Brand Name
• • • • • • • • • • • • Short and simple Easy to spell and read Easy to recognize and remember Easy to pronounce Can be pronounced in only one way Can be pronounced in all languages (for international markets) Suggestive of product benefits Adaptable to packaging / labeling needs No undesirable imagery Always timely (does not get out-of-date) Adaptable to any advertising medium Legally available for use (not in use by another firm)

Brand Name Types
Actual words

Coined (Descriptive)

Coined (Abstract)

Acronym Names

Logos and Symbols
Word Marks:

Abstract Logos:

Literal Logos:

Apple Company was born on April 1, 1976

Steven Wozniak and Steven Jobs were co-founders.

The name "Apple Computer" came from the music label of the Beatles, Apple records Company.

Steve Jobs came up with the name in early 1976.

In 1976, the first Apple logo was designed by Ron Wayne.

In 1977, Jobs asked the art designer Rob Janoff to design the new Apple logo. In 1997, Steve Jobs decided to drop the multi-colored Apple logo and replace it by a solid-colored logo.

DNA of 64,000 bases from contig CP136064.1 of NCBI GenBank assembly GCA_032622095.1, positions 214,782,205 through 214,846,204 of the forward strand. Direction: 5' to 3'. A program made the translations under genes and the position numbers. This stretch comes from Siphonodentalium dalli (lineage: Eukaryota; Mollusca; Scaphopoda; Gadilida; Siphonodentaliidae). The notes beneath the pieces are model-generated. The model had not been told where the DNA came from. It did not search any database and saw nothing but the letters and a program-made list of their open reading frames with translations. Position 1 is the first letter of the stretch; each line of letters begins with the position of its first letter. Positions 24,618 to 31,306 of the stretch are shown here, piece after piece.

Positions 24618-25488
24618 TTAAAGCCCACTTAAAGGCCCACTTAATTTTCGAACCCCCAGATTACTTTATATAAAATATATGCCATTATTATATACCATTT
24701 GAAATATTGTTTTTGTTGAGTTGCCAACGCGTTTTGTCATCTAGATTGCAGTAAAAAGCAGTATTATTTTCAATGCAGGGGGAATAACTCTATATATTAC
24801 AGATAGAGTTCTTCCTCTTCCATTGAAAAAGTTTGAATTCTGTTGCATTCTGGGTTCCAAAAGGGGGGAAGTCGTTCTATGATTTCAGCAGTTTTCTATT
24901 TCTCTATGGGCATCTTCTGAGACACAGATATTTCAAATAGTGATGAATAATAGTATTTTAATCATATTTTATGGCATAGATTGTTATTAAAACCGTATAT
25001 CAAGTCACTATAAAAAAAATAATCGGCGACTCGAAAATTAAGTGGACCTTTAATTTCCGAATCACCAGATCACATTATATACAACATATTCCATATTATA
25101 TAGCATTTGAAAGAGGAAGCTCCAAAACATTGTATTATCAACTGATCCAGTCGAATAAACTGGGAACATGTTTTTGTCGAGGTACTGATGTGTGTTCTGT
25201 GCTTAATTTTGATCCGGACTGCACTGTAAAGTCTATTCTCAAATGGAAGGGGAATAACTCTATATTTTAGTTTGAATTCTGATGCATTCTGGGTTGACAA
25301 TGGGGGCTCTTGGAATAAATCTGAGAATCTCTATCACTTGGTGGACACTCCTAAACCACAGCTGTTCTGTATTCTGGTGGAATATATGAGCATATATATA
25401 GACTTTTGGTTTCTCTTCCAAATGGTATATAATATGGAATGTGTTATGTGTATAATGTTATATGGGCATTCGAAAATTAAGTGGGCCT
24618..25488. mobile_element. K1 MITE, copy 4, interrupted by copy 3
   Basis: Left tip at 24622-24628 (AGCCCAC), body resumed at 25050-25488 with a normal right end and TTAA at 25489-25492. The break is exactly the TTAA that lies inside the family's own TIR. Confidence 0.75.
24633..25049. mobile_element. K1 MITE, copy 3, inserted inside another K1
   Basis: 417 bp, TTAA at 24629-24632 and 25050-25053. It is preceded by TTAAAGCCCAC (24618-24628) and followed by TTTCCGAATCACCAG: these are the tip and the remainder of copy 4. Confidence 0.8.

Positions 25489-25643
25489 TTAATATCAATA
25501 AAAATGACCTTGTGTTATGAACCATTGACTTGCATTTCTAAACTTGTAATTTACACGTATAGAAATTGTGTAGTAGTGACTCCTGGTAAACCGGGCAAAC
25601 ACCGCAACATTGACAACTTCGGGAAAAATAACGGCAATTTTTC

Apples slogans
 "Changing the world - one person at a time" -

(mid-1980s)  "The computer for the rest of us" - (1984)  "The power to be your best" – (1980s and 1990s)

 "Think different" - (1997-2002)  "I think, therefore iMac", based on René Descartes famous line, "I think, therefore I am"
(Cogito ergo sum). (1998)

 "Everything is easier on a Mac" - (2002-)

Deciding to call it Apple they wanted to emphasize the unconventional nature of the brand. With this choice the brand demonstrated its value: in refusing to idolise computer science. Apple was in fact preparing to completely overturn the traditional human machine relationship. The machine had, indeed, to become, something to enjoy rather than to revere or fear.

The Brand Name A brand name that simply describes the product and products function will not be able to differentiate the brand from copies or generic products descriptive brand name boils down to making a brand a generic product in the long run